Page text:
I feel totally caught in between. For one thing, I don’t "fit" in the conservative evangelical church:
I believe in evolution.
I vote for democrats.
I enjoy interfaith dialog and cooperation.
I like smells, bells, liturgy, and ritual—particularly when it comes to the Eucharist.
I’m passionate about gender equality in marriage and church leadership.
I’m tired of the culture wars.
I want to become a better advocate for social justice.
I want my LGBT friends to feel welcome and accepted in their own churches.
I’m convinced that the Gospel is about more than “getting saved” from hell.
But I don’t "fit" in the progressive, Mainline church either:
I love a good Bible study.
I think doctrine and theology are important enough to teach and debate.
I think it’s vital that we talk about, and address, sin.
I believe in the physical resurrection of Jesus.
I want to participate in interfaith dialog and cooperation while still maintaining a strong Christian identity.
I want to engage in passionate worship, passionate justice, and passionate biblical study and application, passionate community.
I’m totally down with a bit of spontaneous, group “popcorn” prayer, complete with hand-holding and references to the Holy Spirit “moving in this place.”
I’m convinced that the Gospel is about more than being a good person.
Me, too, Rachel, me too - and for 30 years I've been trying to find a way the neither endorses "taking sides" nor romanticizes "remaining caught in-between." There really is another way and it seems that some young evangelicals are starting to discover it. A huge portion, however, have simply given up on the church and call themselves "spiritual but not religious." That's one way, to be sure, but it seems a little too self-centered for those baptized into the body of Christ.
In her searching, Ms. Evans is proposing a way of "building bridges" between the liberal and conservative camps. My prayers go out to her because I have come to think the polarization is too deep to build bridges.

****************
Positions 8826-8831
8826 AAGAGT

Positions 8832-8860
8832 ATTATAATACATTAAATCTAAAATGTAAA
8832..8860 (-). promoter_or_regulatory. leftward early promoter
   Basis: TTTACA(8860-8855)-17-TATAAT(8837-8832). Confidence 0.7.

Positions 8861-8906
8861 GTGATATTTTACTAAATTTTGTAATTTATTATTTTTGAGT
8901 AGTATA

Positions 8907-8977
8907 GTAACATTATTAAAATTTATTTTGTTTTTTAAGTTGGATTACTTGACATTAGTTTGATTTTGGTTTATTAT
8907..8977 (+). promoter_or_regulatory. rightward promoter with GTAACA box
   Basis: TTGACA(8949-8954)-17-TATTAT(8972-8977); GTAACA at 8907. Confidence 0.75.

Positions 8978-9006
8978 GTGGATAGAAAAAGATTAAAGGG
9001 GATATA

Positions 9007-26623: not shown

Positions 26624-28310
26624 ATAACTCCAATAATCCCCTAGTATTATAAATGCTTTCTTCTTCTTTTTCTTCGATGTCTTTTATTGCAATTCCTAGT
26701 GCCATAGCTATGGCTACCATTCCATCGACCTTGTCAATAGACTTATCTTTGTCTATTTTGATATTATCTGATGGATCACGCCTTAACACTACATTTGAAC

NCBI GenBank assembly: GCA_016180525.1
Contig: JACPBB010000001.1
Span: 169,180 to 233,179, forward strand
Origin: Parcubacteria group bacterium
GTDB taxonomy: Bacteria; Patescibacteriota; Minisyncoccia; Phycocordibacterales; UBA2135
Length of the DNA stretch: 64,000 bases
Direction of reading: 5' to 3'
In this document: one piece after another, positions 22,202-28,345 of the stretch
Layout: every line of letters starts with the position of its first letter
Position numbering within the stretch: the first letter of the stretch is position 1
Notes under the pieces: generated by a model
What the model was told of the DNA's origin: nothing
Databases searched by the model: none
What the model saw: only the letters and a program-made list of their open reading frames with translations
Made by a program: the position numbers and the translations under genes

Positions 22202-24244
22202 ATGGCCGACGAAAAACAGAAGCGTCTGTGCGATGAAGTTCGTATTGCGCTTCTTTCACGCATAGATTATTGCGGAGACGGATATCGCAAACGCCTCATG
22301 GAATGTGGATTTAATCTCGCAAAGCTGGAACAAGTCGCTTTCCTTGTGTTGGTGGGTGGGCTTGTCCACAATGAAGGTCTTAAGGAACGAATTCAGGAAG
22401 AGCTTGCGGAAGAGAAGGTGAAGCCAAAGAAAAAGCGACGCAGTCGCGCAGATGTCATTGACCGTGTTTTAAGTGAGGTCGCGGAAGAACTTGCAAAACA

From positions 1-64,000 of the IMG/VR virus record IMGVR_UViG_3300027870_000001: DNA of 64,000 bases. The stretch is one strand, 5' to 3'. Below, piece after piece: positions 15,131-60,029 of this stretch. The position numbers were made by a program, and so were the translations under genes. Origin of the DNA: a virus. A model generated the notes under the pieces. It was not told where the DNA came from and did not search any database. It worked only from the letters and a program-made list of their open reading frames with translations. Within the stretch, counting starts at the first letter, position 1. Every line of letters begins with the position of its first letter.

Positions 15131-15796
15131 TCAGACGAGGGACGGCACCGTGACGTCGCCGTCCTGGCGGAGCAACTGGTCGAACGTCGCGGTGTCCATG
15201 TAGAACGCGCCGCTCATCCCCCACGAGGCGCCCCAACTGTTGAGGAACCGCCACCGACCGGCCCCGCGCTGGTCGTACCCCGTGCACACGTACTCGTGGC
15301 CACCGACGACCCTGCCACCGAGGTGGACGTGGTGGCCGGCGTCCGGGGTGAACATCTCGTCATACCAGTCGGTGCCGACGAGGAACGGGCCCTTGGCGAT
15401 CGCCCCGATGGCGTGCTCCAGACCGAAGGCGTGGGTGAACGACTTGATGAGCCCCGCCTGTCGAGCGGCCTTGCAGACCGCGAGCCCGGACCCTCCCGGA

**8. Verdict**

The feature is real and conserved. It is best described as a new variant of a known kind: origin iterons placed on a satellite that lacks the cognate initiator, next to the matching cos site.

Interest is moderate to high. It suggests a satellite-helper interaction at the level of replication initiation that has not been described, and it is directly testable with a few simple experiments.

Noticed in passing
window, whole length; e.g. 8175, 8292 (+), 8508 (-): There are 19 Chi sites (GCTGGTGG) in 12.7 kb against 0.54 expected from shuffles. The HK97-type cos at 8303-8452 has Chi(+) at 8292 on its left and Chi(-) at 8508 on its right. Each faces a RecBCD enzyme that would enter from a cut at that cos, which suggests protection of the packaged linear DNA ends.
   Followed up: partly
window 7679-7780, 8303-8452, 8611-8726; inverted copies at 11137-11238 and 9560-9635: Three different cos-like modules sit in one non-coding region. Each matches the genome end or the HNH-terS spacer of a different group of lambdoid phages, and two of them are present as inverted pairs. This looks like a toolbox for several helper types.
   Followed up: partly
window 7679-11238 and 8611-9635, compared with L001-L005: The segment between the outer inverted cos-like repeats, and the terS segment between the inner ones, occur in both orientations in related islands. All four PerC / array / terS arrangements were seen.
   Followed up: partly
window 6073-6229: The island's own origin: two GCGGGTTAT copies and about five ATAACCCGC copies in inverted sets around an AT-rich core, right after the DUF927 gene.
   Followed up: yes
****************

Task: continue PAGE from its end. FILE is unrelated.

Rather I have come to believe that the real alternative after our lamenting is to just DO it: just live passionately into real discipleship and Bible study as well as radical hospitality and bold acts of compassion and justice in the spirit of Jesus. The Community of Iona in Scotland puts it well:
The Community’s approach to spirituality does not distinguish between the sacred and the secular. Prayer and politics, work and worship are all of a piece. This holistic spirituality of engagement – rooted in prayer and scripture – stands in contrast to some of the more ethereal, nostalgic and self-indulgent approaches on offer these days.
Just DO it - sure there will be failures - but as I have found in over 30 years of ministry there are also a variety of creative, open, wounded, beautiful and hope-filled people at the fringes of every community who are looking for a place that just DOES the Jesus life. They may not even be able to express it, but they know it when they feel it. This means a whole lot more orthopraxis than just orthodoxy, yes? It takes a ton of tenacity and trust as well as a leadership team willing to take risks - and it doesn't always bear fruit. But with patience and prayer, it can... To paraphrase Mark Twain's quip (when asked, "Do you believe in infant baptism?" he replied: Believe in it? Man, I've SEEN it.") BELIEVE in a radical and inclusive life of faith? Man, I've SEEN it...
I like the intellectual, moral and evangelical passion Rachel Evans brings to the table - she is an important voice for our time - and I support her quest. I hope some leaders in both camps listen and hear her as a compassionate prophet. And at the same time I need to say that I have found the way of Iona in Scotland helps me move beyond lament into a spirituality that just DOES it. What do you think?